Olivia Olson will travel to Washington, DC on Friday to train with the USA Basketball U16 Women’s Team which will compete at the FIBA ââAmericas Championships in Guanajuato, Mexico later this month.
There was a lot to do to prepare.
Packaging, of course. She will be away from her New Hope home for weeks. But also this: to make sure that his things are in order.
Olson, 15, is already on her way to becoming one of Minnesota’s top basketball players. Having played college ball for Benilde-St. Margaret’s since eighth grade, the 6-1 Olson is already ranked ninth nationally in the 2024 class by ESPN’s HoopGurlz, a ranking that is likely to rise.
She’s athletic and long, a leader who can see the ground, pass, strike both three and mid-range and display a smaller defender. One of only three 15-year-olds chosen for the United States squad, Olson’s profile will continue to rise.
âShe’s really unique,â ââsaid Nick Storm, co-director and founder of the Minnesota Fury AAU program, where Olson plays. âIn terms of height and length, combined with his sheer athleticism? In terms of jumping ability, speed, change of direction? , who can play the leader and shoot three at half distance. What she brings to the field is unreal. ”
Then add this: Work ethics.
Despite all the skills, Olson’s willingness to work was quickly mentioned by Storm and Benilde-St. Margaret’s coach Michael Swann. And by Sue Phillips, who will coach the United States team in Mexico, who listed Olson’s attributes in this order: “Work ethic, skills, competitive nature.”
Which brings us back to this case. Ask her about her competitive nature and this is what she will say: âI want to win. I want to improve myself. This is what I love to do. ”
And that goes for Liv’s Lawns, a lawn care company she started. âI love making money,â she says simply. “Then I’ll do anything.”
He is a person who pays attention to detail. Along with his game, that means living in the gym. She’s been there since she was little, working with her father, Chris, who emphasized ball-handling skills from the start, even though Olivia was still tall for her age.
It’s worth noting that Chris, along with Olivia’s brother Morgan, will be running Liv’s Lawns, which has around a dozen regular customers, while she’s on the road.
But back to basketball. Swann said he knew Olson was going to be something special when she scored 40 points in eighth grade in a game against a DeLaSalle team that would reach the final of the 2020 Class 3A women’s basketball tournament before that the event is closed by COVID -19.
“She’s like a player-coach already,” Swann said. “She always wants to improve. She’s a team leader. She’s been captain since eighth grade.”
Swann said Olson, who averaged 23 points, eight rebounds, three assists and three steals in the freshman, will surpass 1,000 points in the next season. She is already courted by all blueblood university programs, with 17 scholarship offers. Always efficient, Olson keeps a book and calendar of every contact she has with every college coach. “It’s about building relationships,” she explained.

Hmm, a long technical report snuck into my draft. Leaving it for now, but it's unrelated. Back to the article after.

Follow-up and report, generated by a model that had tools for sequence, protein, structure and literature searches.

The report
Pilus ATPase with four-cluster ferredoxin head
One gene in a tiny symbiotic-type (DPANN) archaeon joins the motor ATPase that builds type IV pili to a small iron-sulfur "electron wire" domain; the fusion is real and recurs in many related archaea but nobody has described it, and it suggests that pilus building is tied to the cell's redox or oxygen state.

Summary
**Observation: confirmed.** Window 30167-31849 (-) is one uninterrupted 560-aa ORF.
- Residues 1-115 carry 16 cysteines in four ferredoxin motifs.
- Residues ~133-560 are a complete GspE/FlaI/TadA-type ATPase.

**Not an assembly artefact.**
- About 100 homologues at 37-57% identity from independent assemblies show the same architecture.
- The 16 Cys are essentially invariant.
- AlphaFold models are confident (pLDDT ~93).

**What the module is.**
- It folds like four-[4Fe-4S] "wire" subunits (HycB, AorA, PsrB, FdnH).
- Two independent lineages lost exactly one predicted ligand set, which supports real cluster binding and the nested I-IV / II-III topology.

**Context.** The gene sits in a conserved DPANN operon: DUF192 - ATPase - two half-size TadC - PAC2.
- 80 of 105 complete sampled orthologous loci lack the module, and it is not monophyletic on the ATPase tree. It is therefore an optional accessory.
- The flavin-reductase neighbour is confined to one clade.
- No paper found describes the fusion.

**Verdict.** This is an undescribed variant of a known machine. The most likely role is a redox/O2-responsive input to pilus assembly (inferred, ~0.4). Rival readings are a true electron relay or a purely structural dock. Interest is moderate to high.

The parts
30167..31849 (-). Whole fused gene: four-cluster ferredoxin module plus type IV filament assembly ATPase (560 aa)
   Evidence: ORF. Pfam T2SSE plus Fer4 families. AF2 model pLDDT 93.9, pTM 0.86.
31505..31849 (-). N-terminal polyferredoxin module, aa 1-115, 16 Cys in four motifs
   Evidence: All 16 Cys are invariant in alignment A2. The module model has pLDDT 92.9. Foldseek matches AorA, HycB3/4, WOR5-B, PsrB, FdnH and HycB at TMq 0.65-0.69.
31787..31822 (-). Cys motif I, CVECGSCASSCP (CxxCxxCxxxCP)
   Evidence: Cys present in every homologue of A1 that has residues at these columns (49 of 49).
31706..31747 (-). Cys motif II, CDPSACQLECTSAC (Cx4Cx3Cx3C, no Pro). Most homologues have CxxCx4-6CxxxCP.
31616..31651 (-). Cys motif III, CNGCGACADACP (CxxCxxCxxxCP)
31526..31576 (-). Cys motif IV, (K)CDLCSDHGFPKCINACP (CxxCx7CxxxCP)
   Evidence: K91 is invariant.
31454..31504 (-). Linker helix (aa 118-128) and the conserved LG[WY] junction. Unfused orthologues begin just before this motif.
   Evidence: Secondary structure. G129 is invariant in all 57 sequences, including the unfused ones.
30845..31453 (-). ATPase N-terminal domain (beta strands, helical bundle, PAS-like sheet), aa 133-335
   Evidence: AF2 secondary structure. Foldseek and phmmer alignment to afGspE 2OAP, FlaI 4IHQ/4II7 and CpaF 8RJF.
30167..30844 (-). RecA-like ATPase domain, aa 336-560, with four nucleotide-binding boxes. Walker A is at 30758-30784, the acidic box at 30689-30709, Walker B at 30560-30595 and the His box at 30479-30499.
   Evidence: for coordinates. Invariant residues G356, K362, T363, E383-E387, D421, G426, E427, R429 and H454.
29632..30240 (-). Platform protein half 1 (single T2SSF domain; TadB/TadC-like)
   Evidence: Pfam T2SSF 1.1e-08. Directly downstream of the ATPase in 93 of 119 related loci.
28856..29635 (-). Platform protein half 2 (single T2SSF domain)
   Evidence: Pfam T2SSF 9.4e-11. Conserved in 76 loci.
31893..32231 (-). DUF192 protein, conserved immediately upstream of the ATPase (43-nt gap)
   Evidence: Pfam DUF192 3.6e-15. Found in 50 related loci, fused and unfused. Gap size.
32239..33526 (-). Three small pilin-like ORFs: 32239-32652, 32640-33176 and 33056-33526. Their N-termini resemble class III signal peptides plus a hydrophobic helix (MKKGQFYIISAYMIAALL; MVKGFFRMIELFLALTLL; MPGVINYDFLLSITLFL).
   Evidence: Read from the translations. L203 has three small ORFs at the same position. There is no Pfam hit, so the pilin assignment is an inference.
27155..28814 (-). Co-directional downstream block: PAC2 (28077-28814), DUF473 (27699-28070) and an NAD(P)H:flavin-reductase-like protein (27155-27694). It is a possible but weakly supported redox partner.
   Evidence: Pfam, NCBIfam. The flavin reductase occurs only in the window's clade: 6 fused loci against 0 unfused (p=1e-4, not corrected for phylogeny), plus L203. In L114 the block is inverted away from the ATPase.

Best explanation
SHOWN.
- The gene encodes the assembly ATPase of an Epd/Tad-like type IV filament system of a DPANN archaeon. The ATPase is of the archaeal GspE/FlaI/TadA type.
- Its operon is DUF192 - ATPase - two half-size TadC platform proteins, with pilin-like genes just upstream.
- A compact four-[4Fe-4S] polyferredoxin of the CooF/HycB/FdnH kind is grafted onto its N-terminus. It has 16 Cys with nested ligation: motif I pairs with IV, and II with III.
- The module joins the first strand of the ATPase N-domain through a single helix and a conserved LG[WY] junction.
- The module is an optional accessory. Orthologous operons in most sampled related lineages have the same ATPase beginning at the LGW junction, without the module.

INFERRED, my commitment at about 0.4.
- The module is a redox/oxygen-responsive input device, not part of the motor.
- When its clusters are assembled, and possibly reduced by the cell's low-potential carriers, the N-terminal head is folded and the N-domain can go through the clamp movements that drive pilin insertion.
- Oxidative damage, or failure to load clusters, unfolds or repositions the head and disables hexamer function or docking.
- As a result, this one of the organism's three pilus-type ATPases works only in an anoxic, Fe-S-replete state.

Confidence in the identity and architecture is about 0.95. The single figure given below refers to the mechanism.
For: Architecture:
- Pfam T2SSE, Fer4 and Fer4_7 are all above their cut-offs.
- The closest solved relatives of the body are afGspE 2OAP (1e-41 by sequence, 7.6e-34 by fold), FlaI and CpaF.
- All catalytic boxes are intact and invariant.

Still, Olson said she was nervous when she traveled to Indianapolis earlier this year, one of 34 players invited to try her hand at the U16 national team.
Quickly, she learned that she belonged. “To be able to be part of the team, knowing that I can compete with the best players, that was pretty cool, I think,” she said.
Olson describes himself as versatile, able to play anywhere from leader to forward in attack and defense. She will likely end up as a shooter in college, but she loves having the ball in her hands. âI like to play fast,â she said. “I like to drive, to pass. I like to find my teammates open. I like to play in transition.”
Storm is confident that Olson will continue to climb the national rankings in her category. To the top, maybe, by the end of his high school career.
That, of course, brings comparisons to former Hopkins star and current UConn player Paige Bueckers.
Storm moves away from it. Comparisons like this put a lot of pressure on a player. But he will say this:
Olson is taller, stronger, and more able to play multiple positions than Bueckers at the same age.
“[Olson] is very similar in terms of looking at the ground, âStorm said.â I spoke to college coaches, people I trust, and they said they thought she could be the best player. basketball court at one point. ”
As an eighth-grader, Olson told Swann that a goal she had was to dunk in a game before ending her high school career. âI’m looking at her now,â Swann said, âand I’m thinking,â It just might happen. “”
For now, with Liv’s Lawns taken care of and ready to travel to DC for training camp, Olson – thrilled to be practicing her fluent Spanish on the trip to Mexico – only plans a few weeks.
“I am delighted to play,” she said. “And playing with these people. I think it’s a pretty stacked team, but everyone is playing together. I think it will be a good experience.”